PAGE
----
The opinion of the court was delivered by: CHIN
Raizy Levitin ("Levitin" or "plaintiff") brings this action on behalf of herself and all other persons who have conducted short sales through PaineWebber, Inc. ("PaineWebber" or "defendant") since August 15, 1992 alleging that PaineWebber, by purportedly misappropriating funds that its customers provided as collateral, engaged in securities fraud. In addition to the federal securities fraud claims, plaintiff and the putative class assert various state law claims. Defendant moves to dismiss the complaint for failure to state a claim for securities fraud under section 10(b) of the Securities and Exchange Act of 1934 ("the 1934 Act"), 15 U.S.C. § 78j(b), and, if this claim is dismissed, to dismiss the remaining claims for lack of subject matter jurisdiction. Because the alleged fraud was not perpetrated "in connection with" the purchase or sale of securities within the meaning of the 1934 Act, PaineWebber's motion is granted.
In 1994, Levitin entered into a margin agreement with PaineWebber, a registered broker-dealer. Through her PaineWebber margin account, plaintiff engaged in short sales of securities. In the typical short sale, the customer sells stock that he or she does not own. The customer usually covers the sale with stock borrowed from the broker. If the customer is able to purchase the stock later at a lower price to repay the stock to the broker, the customer will earn a profit equal to the difference between the sale price and the purchase price.
To secure the loan of stock, the customer is required to provide the broker with collateral in the form of cash or securities.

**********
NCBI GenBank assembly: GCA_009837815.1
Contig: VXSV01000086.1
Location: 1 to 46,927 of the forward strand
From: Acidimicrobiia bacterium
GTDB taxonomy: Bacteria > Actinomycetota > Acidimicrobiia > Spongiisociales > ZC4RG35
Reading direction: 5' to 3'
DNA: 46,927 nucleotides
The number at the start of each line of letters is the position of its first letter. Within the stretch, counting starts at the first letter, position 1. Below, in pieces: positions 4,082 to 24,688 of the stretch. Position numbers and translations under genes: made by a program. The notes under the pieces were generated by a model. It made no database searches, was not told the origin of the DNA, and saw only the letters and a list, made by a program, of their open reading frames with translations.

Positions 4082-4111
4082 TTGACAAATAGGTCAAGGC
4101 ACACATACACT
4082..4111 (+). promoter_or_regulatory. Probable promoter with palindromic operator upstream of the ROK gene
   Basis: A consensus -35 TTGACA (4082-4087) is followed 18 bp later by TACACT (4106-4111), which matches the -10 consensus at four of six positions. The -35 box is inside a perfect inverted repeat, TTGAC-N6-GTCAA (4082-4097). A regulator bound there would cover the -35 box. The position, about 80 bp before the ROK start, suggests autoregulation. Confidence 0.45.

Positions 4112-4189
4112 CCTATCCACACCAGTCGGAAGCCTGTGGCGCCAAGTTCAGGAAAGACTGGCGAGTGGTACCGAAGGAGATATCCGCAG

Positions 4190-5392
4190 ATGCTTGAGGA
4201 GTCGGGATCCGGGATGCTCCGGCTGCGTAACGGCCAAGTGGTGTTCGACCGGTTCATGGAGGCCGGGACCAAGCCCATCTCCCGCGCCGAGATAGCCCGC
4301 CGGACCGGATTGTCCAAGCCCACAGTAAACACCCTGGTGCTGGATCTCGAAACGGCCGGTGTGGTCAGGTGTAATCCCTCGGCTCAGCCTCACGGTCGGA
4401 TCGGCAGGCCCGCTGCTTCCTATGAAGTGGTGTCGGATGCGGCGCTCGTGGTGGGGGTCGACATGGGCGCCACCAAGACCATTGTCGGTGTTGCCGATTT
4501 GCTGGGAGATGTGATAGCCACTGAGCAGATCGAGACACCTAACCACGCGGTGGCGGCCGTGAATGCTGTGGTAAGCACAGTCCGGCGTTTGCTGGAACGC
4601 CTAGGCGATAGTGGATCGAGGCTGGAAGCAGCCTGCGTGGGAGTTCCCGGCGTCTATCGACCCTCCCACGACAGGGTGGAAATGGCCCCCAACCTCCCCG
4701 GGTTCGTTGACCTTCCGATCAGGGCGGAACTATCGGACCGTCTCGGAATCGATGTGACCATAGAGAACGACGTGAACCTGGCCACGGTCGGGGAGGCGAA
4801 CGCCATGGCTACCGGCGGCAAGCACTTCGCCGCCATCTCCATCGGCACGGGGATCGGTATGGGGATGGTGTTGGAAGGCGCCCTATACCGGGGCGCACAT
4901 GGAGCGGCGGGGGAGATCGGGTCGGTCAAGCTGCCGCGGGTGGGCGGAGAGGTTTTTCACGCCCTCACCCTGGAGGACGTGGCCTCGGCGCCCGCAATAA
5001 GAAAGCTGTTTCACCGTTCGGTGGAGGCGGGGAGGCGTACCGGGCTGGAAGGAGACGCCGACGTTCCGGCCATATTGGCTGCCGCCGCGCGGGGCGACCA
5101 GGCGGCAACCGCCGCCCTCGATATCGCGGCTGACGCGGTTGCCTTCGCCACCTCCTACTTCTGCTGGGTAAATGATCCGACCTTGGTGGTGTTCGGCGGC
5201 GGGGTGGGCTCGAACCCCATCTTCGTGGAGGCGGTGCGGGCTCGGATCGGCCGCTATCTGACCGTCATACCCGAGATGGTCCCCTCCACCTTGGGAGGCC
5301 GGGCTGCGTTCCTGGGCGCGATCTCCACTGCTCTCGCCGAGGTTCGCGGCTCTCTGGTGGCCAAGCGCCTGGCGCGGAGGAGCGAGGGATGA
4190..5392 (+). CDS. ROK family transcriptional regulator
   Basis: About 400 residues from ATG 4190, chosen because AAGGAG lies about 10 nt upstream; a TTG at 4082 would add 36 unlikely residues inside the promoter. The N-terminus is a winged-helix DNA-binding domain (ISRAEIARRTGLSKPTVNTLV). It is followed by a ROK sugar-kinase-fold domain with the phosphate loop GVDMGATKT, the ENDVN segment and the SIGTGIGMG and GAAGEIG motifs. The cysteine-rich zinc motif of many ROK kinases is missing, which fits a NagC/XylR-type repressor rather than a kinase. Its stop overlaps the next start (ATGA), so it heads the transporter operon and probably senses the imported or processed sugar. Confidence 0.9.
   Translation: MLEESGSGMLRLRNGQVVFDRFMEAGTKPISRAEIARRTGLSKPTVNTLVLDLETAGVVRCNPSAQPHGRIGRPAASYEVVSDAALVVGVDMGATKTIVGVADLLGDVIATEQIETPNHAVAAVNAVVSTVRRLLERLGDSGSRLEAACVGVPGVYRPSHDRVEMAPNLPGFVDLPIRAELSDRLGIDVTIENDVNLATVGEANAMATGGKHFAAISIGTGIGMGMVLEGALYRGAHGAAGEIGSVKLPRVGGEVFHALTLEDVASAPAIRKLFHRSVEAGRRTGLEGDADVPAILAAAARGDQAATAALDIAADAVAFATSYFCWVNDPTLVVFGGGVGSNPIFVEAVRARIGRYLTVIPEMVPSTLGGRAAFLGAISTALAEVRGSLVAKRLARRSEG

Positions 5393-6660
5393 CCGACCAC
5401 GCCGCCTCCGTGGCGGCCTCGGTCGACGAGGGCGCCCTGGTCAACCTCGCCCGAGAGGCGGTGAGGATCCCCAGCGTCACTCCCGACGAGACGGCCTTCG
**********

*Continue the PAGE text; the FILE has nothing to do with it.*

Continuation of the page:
The proceeds of the short sale, which are applied toward the margin requirement, remain in the customer's account until the sale is covered.
The broker obtains the stock that it loans to the customer from its own reserves or by borrowing it from other brokers or other customers, as permitted by standard margin agreements. When the broker borrows the stock from external sources, the broker must secure the loan with collateral worth at least 100% of the market value of the securities borrowed. Regulation T, 12 C.F.R. § 220.16. The funds used to secure the loan of stock may be taken directly or indirectly from the account of the customer engaging in the short sale, and typically are generated by the short sale itself.
Where the broker has provided collateral to another broker or institution to secure the loan of securities, the borrowing broker typically receives a portion of any interest earned on the collateral, known as a "rebate." The borrowing broker does not usually pass any of the interest on to its customer, although an exception is sometimes made for large or professional customers.
In essence, the complaint alleges that PaineWebber uses its customers' assets, in the form of cash and stock collateral and proceeds of short sales, to earn interest and to obtain other financial benefits without notifying the customers of this practice or sharing the proceeds with them. Based upon these allegations, Levitin and the putative class assert claims for securities fraud, breach of fiduciary duty, breach of trust, breach of implied covenants of good faith and fair dealing, and violation of Article 9 of the Uniform Commercial Code.
A. Standard for Motion to Dismiss
In ruling upon the motion to dismiss the complaint under Rule 12(b)(6), I must view the complaint in the light most favorable to Levitin, accepting all allegations contained in the complaint as true. See Scheuer v. Rhodes, 416 U.S. 232, 236, 94 S. Ct. 1683, 1686, 40 L. Ed. 2d 90 (1974); Annis v. County of Westchester, 36 F.3d 251, 253 (2d Cir. 1994). All reasonable inferences are to be drawn in the plaintiff's favor, and the claims should not be dismissed unless it appears beyond doubt that the plaintiff can prove no set of facts in support of her claim that would entitle her to relief. See Scheuer, 416 U.S. at 236, 94 S. Ct. at 1686 (citing Conley v. Gibson, 355 U.S. 41, 45-46, 78 S. Ct. 99, 102, 2 L. Ed. 2d 80 (1957)); Christ Gatzonis Elec. Contractor, Inc. v. New York City Sch. Constr. Auth., 23 F.3d 636, 639 (2d Cir. 1994).
B. Securities Fraud Claims
Levitin bases her securities fraud claims upon defendant's alleged violation of three rules promulgated under section 10(b) of the 1934 Act: Rule ...